1 point
  18. It definitely was. Did my YTS there in 1987 and remember the bell in the lobby area...
    1 point
  19. Up hill and round the front between Corporation St. and Steelhouse Lane.
    1 point
  20. Hi guys, I wondered if anyone on here might be able to help with something (or know someone who can). I’m producing a documentary about John Burkhill aka the green pram man. In his interview he mentions that his wife had being diagnosed with cancer in 1992 and her final wish was to do the marathon and win a finishers medal, as she had never won anything before. John contacted the race organisers and got permission. He said that when they walked into the stadium, it was almost as though they’d won it. Everyone was cheering them on and he said his wife was the happiest he’d ever seen h
    1 point
  21. The result of the above in comparison to: Obviously Google Earth as a few limitations with angles and clarity —plus differences from things like focal-length of cameras, etc, but I think it ends up pretty close so Hallam Tower is definitely a viable candidate and I'm pretty convinced the photo was taken from there.
    1 point
  22. They appeared to have a very succesful fire engine breeding programme running on that patch of ground a few years ago.
    1 point
  23. Can confirm. Below, from a photo of 2019 of the area where they were, shows some of those yellow & black brick structures as seen in the last screenshot (with metalwork removed).
    1 point
  24. I think that may be a matter of semantics. I don't remember ever going in the Lescar, or coming out, through the "front" facing Sharrow Vale Road. The entrance from Lescar Lane could reasonably be called the front, in which case you are viewing the back and side. Instinctively I'd have placed Hallam Tower rather more easterly than it was (in relation to the viewed area) and might have expected to see the "front" of the Lescar to Lescar Lane from there. Perhaps this is similar to the perception makapaka had.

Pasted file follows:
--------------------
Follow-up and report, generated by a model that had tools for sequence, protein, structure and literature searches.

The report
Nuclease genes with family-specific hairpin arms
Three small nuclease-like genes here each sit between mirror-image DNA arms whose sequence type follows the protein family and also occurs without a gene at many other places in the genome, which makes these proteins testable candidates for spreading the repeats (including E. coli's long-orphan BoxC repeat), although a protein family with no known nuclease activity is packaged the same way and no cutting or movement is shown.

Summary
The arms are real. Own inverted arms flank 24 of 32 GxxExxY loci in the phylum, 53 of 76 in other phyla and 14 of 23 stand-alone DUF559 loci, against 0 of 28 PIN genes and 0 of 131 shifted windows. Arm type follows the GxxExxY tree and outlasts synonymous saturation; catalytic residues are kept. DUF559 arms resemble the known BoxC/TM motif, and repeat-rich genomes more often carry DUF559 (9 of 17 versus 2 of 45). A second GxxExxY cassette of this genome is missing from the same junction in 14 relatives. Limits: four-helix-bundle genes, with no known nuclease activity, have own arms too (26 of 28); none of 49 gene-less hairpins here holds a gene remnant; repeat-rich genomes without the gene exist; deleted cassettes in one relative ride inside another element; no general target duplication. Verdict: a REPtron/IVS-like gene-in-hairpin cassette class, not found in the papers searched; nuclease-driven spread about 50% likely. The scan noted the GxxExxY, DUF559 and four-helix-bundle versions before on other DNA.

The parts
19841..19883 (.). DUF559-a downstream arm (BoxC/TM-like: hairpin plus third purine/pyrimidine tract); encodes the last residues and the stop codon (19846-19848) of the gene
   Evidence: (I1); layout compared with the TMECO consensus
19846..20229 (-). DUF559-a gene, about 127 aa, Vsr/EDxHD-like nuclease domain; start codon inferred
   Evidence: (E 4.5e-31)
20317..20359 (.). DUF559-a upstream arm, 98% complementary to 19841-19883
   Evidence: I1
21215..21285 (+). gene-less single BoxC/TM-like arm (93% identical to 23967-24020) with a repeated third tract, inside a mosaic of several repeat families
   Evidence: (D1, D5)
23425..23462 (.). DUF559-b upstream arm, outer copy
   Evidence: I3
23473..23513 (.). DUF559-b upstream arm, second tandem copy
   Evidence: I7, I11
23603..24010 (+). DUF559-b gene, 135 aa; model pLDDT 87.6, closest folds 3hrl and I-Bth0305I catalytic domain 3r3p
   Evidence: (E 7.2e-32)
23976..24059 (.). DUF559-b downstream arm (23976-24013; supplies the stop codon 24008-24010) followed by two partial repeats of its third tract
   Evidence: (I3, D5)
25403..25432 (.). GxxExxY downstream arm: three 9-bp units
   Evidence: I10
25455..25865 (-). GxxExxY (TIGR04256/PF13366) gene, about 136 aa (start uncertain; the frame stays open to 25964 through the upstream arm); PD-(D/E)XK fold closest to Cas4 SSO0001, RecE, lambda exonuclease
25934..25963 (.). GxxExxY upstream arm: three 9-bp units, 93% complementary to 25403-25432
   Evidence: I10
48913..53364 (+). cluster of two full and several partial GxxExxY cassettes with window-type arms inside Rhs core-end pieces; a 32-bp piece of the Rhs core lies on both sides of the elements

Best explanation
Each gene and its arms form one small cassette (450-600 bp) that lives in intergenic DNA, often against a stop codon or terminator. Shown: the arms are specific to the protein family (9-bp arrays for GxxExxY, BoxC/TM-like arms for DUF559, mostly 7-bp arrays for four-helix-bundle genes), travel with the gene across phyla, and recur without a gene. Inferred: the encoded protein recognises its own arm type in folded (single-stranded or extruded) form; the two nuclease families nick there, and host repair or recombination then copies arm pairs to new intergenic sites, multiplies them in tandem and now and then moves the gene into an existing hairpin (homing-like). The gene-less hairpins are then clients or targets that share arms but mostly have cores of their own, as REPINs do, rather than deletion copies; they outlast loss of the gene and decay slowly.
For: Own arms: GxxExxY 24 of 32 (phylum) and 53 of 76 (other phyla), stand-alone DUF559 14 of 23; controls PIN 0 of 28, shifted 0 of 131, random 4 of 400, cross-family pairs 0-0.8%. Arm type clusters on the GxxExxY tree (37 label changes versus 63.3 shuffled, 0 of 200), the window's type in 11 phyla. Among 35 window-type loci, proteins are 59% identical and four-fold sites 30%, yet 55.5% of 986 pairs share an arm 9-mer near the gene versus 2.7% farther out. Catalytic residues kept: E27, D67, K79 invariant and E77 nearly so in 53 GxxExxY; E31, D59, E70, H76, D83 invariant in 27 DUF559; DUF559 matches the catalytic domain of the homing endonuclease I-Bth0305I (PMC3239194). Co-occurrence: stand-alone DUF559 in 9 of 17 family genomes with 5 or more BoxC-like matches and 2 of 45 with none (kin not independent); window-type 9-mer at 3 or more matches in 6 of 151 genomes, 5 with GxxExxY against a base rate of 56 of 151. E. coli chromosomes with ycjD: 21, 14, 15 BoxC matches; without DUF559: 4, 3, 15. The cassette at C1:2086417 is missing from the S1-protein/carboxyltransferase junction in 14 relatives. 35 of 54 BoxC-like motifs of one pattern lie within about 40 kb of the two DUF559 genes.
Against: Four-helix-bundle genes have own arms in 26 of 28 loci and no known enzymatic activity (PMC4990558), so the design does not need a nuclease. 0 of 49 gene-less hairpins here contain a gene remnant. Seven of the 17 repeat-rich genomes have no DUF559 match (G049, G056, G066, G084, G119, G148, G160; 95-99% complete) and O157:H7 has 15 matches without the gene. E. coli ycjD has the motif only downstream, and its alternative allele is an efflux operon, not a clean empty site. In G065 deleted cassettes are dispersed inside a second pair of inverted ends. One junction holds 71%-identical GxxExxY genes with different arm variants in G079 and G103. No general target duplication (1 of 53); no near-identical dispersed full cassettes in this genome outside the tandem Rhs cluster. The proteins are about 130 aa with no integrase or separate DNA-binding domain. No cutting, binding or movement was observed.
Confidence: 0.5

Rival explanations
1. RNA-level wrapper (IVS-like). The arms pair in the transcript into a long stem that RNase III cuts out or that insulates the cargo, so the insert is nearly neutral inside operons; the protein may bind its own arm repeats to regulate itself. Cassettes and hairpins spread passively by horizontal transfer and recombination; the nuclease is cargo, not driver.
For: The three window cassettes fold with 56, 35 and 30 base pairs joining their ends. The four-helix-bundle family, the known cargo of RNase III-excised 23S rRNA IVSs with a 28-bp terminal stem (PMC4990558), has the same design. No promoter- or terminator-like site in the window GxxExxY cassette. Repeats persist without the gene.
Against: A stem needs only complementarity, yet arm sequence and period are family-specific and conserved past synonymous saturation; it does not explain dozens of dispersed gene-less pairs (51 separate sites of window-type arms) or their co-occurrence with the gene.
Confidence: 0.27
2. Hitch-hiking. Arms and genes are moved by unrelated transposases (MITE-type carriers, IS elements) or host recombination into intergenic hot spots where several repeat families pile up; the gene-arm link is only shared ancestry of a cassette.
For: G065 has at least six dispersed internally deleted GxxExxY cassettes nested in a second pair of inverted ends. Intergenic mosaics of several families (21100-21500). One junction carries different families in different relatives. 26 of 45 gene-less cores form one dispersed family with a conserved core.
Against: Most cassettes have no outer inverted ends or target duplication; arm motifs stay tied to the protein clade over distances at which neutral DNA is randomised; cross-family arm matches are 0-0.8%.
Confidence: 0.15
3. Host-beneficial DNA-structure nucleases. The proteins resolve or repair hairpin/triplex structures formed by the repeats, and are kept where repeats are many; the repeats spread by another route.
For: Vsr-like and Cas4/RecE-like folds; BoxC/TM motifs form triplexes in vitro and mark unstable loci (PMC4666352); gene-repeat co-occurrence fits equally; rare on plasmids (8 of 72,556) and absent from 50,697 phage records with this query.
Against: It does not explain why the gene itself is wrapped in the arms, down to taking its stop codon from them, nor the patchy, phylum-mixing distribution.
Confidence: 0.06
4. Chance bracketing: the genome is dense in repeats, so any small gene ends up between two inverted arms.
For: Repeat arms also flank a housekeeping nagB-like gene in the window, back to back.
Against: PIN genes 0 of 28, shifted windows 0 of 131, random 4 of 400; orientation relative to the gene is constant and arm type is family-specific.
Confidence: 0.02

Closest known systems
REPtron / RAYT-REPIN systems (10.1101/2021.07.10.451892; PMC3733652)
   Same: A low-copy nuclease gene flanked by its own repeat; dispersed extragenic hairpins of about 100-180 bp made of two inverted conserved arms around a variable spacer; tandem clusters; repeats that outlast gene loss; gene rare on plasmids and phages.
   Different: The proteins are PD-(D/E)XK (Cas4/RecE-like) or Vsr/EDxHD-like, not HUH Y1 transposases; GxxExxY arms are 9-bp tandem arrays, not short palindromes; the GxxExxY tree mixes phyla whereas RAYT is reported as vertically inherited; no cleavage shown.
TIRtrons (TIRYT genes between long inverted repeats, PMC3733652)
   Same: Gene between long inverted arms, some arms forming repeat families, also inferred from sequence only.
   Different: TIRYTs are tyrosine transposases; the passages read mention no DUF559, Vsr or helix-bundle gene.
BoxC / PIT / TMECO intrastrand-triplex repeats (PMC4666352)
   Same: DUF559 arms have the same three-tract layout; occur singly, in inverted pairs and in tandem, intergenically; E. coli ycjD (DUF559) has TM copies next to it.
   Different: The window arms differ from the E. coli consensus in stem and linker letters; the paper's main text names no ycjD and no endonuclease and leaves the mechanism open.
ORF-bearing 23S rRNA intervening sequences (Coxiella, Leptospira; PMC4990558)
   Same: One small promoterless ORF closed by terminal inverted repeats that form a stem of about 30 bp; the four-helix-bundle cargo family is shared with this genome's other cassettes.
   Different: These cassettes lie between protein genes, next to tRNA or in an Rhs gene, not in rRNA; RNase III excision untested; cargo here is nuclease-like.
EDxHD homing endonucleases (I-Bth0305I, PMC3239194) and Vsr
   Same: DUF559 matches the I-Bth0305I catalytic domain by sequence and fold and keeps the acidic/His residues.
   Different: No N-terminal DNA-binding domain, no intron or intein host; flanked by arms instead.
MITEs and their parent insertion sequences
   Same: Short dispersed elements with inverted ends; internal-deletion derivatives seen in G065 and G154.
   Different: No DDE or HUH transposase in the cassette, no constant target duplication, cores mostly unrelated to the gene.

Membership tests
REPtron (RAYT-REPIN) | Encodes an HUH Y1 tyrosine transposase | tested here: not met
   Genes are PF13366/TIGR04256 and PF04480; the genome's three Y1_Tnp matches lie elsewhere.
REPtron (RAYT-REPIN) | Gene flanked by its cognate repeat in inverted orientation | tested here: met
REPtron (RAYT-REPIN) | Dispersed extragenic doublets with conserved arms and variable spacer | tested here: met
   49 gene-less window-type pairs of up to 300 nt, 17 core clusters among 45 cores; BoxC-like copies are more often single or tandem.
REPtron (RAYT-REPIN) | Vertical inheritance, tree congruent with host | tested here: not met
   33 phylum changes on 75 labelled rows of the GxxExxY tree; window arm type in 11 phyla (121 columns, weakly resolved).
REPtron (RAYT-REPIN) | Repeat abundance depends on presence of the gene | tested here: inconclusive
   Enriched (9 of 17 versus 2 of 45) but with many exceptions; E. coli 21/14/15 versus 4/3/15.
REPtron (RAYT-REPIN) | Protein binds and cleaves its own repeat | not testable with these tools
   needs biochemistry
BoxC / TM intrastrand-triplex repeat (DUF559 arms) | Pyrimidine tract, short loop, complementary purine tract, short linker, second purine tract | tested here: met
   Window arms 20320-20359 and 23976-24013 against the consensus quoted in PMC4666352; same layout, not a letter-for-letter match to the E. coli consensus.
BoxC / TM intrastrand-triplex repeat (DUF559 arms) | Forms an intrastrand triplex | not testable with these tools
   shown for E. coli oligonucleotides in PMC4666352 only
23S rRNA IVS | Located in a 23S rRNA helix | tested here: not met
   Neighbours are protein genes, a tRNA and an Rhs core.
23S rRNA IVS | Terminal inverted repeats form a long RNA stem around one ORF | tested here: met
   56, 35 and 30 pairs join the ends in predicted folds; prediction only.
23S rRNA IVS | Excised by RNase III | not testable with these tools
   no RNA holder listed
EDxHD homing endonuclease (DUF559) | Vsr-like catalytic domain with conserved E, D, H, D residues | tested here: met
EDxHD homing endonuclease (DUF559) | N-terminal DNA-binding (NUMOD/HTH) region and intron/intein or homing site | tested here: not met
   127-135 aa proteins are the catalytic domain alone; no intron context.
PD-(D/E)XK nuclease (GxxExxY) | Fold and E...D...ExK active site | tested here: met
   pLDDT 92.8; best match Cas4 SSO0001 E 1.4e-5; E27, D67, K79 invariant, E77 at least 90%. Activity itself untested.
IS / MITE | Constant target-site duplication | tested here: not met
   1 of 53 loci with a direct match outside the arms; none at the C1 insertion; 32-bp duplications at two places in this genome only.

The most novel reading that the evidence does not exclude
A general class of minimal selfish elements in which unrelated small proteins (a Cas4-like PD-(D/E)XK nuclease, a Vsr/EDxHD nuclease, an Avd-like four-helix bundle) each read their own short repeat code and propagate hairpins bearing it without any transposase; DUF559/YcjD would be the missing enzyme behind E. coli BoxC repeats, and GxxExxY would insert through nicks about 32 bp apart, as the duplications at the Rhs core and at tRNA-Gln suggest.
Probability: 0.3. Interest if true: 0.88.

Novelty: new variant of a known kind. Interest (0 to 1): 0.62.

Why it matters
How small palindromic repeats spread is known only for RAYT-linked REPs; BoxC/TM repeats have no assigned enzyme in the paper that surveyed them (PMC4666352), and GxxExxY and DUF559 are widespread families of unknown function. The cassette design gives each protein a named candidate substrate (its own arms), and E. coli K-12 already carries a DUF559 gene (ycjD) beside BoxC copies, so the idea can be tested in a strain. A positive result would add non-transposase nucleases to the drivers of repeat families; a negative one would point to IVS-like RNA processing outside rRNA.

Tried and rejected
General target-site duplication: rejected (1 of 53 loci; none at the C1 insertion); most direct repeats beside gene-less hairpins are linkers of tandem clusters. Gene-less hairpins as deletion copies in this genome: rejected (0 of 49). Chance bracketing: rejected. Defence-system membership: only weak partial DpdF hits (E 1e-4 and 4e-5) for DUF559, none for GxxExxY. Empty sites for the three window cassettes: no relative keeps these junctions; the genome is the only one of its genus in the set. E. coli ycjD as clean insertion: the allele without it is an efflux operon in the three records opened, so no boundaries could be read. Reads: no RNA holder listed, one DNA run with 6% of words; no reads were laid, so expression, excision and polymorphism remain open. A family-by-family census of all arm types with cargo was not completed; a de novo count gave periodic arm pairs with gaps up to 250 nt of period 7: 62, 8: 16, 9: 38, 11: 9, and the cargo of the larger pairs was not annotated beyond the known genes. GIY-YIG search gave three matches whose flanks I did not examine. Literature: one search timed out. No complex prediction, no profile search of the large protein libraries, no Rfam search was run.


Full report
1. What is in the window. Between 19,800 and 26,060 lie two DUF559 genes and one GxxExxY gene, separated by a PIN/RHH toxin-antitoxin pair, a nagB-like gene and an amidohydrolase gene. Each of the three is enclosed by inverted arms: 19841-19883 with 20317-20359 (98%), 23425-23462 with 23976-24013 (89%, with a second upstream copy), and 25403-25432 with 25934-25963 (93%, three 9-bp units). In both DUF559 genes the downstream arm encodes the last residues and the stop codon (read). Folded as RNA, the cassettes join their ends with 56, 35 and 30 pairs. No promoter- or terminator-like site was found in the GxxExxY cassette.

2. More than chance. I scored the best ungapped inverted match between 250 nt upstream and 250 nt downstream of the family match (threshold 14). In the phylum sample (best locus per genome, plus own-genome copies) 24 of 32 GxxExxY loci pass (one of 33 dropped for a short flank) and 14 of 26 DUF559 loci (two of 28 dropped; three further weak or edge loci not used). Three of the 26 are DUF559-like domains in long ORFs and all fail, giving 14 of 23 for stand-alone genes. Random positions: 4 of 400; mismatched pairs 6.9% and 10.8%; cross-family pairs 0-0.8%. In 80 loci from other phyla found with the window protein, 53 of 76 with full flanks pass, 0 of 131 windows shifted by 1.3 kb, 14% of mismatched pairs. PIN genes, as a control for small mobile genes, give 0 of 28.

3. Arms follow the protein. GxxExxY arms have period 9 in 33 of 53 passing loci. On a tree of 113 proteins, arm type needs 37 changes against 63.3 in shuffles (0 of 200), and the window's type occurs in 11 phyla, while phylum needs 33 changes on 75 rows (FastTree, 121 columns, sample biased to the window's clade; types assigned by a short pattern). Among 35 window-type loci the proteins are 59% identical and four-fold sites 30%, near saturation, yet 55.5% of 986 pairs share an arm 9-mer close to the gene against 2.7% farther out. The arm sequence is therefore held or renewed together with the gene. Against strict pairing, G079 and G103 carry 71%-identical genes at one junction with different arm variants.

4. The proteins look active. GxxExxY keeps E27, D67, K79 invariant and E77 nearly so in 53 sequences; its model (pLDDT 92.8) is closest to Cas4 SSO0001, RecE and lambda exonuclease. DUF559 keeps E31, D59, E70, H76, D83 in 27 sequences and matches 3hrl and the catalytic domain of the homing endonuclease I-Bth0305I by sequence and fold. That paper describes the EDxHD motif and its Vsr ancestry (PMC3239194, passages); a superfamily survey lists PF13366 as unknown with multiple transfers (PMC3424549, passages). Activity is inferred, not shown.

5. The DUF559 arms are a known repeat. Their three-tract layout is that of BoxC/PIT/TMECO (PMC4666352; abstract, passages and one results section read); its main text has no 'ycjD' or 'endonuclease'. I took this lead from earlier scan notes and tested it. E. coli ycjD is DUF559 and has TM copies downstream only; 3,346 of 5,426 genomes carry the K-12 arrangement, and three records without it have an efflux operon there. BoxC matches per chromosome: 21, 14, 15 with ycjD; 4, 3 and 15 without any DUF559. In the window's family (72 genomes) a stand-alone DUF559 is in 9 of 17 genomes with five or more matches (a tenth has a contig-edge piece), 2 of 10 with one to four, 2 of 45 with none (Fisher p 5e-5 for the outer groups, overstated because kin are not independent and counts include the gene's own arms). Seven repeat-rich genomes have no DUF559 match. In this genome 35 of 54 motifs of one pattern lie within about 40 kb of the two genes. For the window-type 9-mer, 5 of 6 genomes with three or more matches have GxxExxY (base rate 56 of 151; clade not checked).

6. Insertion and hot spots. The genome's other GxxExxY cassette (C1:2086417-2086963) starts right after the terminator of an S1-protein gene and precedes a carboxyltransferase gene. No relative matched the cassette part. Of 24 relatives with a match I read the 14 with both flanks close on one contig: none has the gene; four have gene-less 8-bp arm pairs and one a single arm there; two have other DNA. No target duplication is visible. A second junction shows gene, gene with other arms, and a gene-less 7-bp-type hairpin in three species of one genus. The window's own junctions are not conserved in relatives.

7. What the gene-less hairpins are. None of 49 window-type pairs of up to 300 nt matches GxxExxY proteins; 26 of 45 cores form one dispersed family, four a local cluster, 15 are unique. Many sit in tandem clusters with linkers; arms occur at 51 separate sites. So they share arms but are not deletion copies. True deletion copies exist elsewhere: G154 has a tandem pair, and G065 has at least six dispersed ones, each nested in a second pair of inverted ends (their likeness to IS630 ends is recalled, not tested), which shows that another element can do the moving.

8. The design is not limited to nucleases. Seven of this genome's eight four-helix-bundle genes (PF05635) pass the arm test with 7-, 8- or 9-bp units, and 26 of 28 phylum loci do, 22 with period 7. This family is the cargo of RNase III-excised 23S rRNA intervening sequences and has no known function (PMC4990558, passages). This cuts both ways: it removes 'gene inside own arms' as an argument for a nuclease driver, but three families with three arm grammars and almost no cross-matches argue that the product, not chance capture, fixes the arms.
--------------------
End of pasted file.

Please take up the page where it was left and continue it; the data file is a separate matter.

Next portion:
1 point
  25. 1st on the old Rockingham Close, just off Rockingham Street (where Primark now stands): https://www.google.com/maps/@53.376801,-1.4738505,3a,75y,36.49h,81.31t/data=!3m6!1e1!3m4!1sHcjTTm0wGjZkHVqDGv_KjA!2e0!7i13312!8i6656 2nd, the other end of Rockingham Close (between China Red/the old Plug Box Office, looking at where Primark now stands): https://www.google.com/maps/@53.3765985,-1.473929,3a,37.5y,29.36h,91.42t/data=!3m7!1e1!3m5!1siBFStLe0xdjt3DKvYbnMPQ!2e0!5s20120601T000000!7i13312!8i6656 I believe the other two are in the same area (the old Rockingham Close/now Primark —
    1 point
  26. I would say the shots were almost certainly taken from above the Ski Village site (around the Parkwood Springs viewing platform, Mountain Bike track area).
    1 point
  27. I was told many years ago that the original Change Alley was where the money changers did their business, they were mainly Jewish and not allowed to ply their trade within the walls of Sheffield Castle. I’ve no evidence to support this but thought it worth posting.
    1 point
  28. I’d sort of worked out it must be between very late 60s and late 70s and Edmunds photos verify that. I notice on the last pic that the building was Seashells cafe at the time
    1 point
  29. We watched the full monty last bit and Realised this is a still from the film!
    1 point
  30. Yes. Remember the Slammer in the 70s . I had friends who worked at the Town Hall and it was considered a cool, trendy place to dine Attercliffe style. Very basic menu and limited choice served in large white bowls, I think. It was very unlike the Vesta Beef Curry I’d been buying as a curry connoisseur a few weeks previously.
    1 point
  31. The guy who ran the train set up was confined to a wheelchair as I recall, the kids absolutely loved him, he was a real star, great memories.
    1 point